The Predators still wouldn’t be in that much trouble, but for Ryan Ellis anticipating that Alberts will make the easy play and coming too far down the boards to pinch on Ebbett and keep the puck in. Meanwhile, Brandon Yip bears down on Bieksa, hoping to force him into a bad pass. That leaves 1, 2, 3, 4 Predators (Ah ah ah ah ah) in the Canucks’ end of the ice.

Bieksa makes a nice backhand saucer pass to spring the odd-man rush the other way and it’s time to introduce three new players to our breakdown. Jannik Hansen takes the pass from Bieksa and streaks in with Mason Raymond on Scott Hannan, 2-on-1.

Only, it’s not going to be a 2-on-1 for long, as Ellis is a very good skater and quickly catches up to the rush. Fortunately, Ebbett is also there and has several strides on Yip, turning it into a 3-on-2.

Hannan comes across on Hansen, expecting that Ellis will then take Raymond, but the Canucks’ execution completely undoes that plan.

One of this line’s best attributes is their speed, as highlighted by Ray Ferraro, but the most important thing they did on this goal was slow down. Once Ebbett crosses the line, he checks his speed, creating a gap between himself and Hannan. Raymond, meanwhile, comes to a complete stop at the top of the faceoff circle. It wasn’t that line’s speed that created this opportunity, it was knowing when to slow down.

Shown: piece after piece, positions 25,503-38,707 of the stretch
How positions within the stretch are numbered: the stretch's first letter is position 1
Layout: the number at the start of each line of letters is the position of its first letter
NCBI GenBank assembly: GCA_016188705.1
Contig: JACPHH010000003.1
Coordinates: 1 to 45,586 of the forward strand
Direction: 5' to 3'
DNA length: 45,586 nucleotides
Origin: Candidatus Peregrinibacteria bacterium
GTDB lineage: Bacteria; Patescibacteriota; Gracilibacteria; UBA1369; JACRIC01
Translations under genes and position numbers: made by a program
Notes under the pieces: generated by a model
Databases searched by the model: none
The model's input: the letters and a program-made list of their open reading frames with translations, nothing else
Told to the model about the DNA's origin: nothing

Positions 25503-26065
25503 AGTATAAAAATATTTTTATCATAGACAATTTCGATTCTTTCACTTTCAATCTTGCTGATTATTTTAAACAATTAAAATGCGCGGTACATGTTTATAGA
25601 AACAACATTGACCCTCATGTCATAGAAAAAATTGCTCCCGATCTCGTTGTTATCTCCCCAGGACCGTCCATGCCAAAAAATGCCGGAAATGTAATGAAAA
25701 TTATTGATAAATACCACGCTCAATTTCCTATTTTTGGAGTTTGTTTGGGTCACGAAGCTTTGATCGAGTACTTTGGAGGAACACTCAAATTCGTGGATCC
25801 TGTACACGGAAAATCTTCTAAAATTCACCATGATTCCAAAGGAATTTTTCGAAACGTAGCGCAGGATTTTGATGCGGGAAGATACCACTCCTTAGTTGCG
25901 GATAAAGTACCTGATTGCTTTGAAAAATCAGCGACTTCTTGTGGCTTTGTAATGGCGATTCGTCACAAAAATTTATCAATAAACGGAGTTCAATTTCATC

Unlike McBain, the Canucks did things by-the-book on this 3-on-2. I’ve circled Hansen and Ellis here, because Hansen’s role in taking Ellis out of the play is essential. Justin Bourne has talked about the importance of mid-lane drive on a 3-on-2, and Hansen’s play here is a textbook example. After dropping the puck off for Ebbett, Hansen heads straight toward the net, forcing Ellis to stick with him instead of picking up Raymond, the trigger man.

As Bourne put it, “It’s the most basic, effective script in hockey if you can count on that one guy.” That one guy, here, is Hansen. His mid-lane drive creates the passing lane for Ebbett to set up Raymond for the one-timer.

I just wanted to highlight the amount of flex Raymond gets on his stick on this one-timer. That’s called potential energy, class. And where does that potential energy go?

The back of the net. Well, some of it is lost as sound and a little heat from the friction. But it’s mostly kinetic energy.